Chapter 5 1. 2.

3. 4.

These sections of the Act were in force from March 1957 to 9 November 1965 when the Murder Act (Abolition of the Death Penalty) came into force. See Bailey 2019 p 342; see also Block 1997. Glanville Williams cited in Bailey 2019: 372–373 and Bailey 2000 p 348. Compare Bailey’s inaccurate suggestion that the inclusion of murder by shooting meant that most crimes passionnel would ipso facto be capital murder: Bailey 2019 p 368. Very few wife-killers shot their victims, knives being the weapon of choice. See also Seal 2014. See Bailey 2019 pp 351 and 368; Brown 2007 p 683. Edwards 1957 pp 54–55; Preverer 1957 p 645.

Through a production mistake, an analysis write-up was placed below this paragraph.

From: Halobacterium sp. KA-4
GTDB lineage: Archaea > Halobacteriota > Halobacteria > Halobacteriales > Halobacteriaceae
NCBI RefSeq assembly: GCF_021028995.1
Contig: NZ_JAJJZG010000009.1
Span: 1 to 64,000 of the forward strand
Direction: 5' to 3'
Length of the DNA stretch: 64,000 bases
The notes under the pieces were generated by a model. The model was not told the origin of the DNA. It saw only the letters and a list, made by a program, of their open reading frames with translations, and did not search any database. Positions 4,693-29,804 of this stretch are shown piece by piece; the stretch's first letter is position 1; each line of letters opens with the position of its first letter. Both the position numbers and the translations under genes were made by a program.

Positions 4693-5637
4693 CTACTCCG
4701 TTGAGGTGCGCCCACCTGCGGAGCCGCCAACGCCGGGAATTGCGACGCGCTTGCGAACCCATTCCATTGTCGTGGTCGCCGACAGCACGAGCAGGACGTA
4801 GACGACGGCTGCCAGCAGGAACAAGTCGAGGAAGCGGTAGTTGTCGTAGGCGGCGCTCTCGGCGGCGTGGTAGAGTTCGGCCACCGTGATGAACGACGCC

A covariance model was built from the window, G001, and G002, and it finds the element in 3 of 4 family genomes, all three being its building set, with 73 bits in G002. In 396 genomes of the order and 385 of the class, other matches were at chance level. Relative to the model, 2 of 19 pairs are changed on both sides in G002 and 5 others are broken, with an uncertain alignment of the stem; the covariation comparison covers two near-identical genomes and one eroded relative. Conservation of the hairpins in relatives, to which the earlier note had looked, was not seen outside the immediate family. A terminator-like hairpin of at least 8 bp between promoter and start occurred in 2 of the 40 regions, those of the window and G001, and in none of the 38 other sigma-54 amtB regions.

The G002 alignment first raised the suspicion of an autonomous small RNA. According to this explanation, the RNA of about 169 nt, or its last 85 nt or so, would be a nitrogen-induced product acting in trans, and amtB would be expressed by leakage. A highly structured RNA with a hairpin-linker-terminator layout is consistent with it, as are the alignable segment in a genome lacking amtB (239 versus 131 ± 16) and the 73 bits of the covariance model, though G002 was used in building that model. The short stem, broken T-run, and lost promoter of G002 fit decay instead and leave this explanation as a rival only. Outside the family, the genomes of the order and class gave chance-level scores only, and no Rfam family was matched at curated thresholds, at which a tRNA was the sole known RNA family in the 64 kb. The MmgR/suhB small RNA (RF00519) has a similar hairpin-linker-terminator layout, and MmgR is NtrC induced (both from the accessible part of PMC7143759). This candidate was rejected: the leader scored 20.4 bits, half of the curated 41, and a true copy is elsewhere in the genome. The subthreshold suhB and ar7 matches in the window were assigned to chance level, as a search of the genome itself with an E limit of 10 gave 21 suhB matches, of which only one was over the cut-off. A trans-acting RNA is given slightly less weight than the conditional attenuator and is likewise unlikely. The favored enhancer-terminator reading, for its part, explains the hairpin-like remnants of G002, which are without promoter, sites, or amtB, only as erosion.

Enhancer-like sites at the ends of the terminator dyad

N otes  5.